China: 'We will not halt USA bond purchases'

  • China: 'We will not halt USA bond purchases'

China: 'We will not halt USA bond purchases'

Global stocks stabilized Thursday after a tumble the day before that was triggered by reports, later rejected, that China may slow its massive purchases of US government bonds.

Markets took a turn south following a report suggesting the Chinese authorities now view U.S. government bonds as weak.

"We think this story could be quoting a mistaken source or it could also be a piece of fake news", the State Administration of Foreign Exchange said in a statement on its website.

China owns nearly $1.2 trillion of US government debt, more than double the level from a decade ago, with most of the buildup coming as the nation boosted foreign-exchange reserves to help offset a strengthening yuan.

"The bear market that I'm talking about is a mild one", Gross said in a Bloomberg Radio interview.

And while 2018 has brought some telegraphed risks into sharper focus, nothing has rocked the foundation of the $14.5 trillion Treasuries market, said Aaron Kohli, an interest-rate strategist at BMO Capital Markets in NY.

"The dollar may fall to around ¥110" in the days to come, the official said. "It's challenging to find any real substantial alternatives", with China earning dollars - the flip side of the USA current account deficit.

China's foreign exchange regulator on Thursday dismissed a media report that said the country was stepping back purchases of U.S. Treasurys. Trump is facing decision time as deadlines approach over whether to slap tariffs on imports from steel and aluminum to solar panels, which would be clearly aimed at China. In short, the U.S. government sells investors their debt at a preferential rate for them, and as part of a risk-free investment for the buyer, in this case, the Chinese government.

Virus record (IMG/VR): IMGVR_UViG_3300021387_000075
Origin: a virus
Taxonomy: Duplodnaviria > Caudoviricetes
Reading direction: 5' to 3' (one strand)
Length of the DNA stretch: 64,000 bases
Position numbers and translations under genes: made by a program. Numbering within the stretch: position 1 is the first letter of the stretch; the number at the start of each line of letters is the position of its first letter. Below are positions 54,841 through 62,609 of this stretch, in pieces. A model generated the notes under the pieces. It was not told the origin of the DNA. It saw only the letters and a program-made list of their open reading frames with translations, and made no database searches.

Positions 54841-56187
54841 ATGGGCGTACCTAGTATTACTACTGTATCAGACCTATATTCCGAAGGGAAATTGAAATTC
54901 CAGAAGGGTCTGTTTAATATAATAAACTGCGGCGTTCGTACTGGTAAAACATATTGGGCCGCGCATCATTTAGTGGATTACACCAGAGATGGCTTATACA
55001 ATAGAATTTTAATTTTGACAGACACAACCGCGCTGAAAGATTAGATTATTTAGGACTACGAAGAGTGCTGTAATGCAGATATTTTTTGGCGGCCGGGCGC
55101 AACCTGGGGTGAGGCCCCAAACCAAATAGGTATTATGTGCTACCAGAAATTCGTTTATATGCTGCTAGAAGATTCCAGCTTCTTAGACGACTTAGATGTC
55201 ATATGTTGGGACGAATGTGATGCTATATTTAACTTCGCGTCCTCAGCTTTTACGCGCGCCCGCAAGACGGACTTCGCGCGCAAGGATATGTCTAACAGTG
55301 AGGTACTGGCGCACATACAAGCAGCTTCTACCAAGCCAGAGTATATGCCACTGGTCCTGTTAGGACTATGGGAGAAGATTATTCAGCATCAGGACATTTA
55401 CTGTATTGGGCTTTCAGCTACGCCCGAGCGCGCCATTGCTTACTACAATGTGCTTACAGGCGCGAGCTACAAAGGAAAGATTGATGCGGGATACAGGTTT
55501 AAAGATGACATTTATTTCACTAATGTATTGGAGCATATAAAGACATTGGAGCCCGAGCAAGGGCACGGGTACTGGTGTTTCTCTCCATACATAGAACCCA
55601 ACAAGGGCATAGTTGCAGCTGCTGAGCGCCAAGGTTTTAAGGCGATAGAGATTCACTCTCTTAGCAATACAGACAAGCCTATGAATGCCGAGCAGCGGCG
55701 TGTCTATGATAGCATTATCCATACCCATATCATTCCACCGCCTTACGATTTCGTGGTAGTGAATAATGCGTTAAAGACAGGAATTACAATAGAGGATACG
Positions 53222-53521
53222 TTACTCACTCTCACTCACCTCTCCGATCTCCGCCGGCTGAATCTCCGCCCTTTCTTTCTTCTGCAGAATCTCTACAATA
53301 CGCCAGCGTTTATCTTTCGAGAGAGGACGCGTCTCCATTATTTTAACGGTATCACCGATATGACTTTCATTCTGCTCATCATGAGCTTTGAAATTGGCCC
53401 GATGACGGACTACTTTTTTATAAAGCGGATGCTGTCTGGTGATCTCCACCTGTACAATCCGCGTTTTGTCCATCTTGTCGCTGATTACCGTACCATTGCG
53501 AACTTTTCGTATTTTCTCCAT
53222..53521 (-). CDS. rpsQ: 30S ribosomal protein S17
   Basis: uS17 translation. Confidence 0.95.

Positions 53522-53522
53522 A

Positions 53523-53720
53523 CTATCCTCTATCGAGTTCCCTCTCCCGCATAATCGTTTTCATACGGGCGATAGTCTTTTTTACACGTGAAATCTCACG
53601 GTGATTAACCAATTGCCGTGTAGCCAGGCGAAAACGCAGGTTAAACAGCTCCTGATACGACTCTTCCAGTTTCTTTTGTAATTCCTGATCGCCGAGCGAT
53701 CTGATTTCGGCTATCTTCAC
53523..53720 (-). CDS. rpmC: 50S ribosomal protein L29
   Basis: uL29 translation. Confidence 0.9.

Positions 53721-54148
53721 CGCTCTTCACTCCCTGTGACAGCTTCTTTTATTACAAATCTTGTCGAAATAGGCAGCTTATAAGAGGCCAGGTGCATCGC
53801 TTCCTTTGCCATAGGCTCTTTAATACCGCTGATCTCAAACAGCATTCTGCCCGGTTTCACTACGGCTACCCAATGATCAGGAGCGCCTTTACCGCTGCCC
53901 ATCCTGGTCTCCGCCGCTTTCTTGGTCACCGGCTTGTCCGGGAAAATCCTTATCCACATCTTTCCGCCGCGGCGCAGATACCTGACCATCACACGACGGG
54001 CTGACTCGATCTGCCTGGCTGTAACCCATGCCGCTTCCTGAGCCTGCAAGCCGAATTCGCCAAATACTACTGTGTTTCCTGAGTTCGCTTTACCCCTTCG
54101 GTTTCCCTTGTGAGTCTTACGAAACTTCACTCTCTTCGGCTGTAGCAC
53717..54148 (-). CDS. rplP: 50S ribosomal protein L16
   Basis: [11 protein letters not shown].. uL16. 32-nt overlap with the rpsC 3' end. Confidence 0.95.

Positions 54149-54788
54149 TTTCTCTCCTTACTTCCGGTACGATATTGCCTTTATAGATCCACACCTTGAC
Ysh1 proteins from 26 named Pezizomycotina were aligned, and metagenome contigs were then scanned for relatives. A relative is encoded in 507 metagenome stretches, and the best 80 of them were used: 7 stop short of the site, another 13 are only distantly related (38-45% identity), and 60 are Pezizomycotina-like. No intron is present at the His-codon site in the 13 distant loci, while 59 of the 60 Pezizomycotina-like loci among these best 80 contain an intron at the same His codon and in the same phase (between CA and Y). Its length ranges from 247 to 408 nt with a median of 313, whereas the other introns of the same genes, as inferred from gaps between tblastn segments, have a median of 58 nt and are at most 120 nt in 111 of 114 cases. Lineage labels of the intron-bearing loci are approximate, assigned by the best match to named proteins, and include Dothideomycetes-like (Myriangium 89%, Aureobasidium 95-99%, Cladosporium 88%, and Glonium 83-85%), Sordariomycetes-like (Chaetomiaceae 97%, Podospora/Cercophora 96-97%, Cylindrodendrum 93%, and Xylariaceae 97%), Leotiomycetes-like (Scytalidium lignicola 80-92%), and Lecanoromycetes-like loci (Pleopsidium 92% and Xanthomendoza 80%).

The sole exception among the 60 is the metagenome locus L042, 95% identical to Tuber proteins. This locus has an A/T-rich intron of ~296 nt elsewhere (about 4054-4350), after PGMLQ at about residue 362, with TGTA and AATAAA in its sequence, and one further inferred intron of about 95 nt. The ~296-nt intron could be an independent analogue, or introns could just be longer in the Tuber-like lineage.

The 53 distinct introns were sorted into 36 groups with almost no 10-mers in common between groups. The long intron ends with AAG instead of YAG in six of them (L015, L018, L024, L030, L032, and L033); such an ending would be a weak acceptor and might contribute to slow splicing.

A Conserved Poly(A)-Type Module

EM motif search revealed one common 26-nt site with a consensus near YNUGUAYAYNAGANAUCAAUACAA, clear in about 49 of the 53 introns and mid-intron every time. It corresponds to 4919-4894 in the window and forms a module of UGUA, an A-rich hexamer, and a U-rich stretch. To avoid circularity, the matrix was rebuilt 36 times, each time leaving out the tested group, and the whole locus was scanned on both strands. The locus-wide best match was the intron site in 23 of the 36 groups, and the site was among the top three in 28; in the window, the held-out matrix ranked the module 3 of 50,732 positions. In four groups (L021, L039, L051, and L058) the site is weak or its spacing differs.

The country is also the biggest foreign holder of United States government debt, with US$1.19 trillion in Treasuries as of October 2017, according to data from the Treasury Department.

As of the end of October, China held $1.19 trillion in U.S. Treasurys. "We don't rule out the possibility that Beijing will seek to increase yuan flexibility, but the shift in policy will likely be modest and highly dependent on market conditions".

Benchmark bonds reversed earlier gains on the news, with the yield on 10-year Treasuries climbing for a fifth day.

In the eyes of some, Chinese officials may be trying to send a message that they have leverage with President Trump talking tough on trade.

"It's pretty significant. That takes an important buyer out of the market at the same time you're taking the most important buyer out of the market - the US Fed", said Bruce Bittles, chief investment strategists at Robert W Baird & Co in Sarasota, Florida.

Brent has gained 5 percent since the beginning of the year, picking up from its late-year surge.

The Gordon Brown example highlights why Commonwealth Bank of Australia is saying Wednesday's reports over China and its US Treasury holdings are unreliable.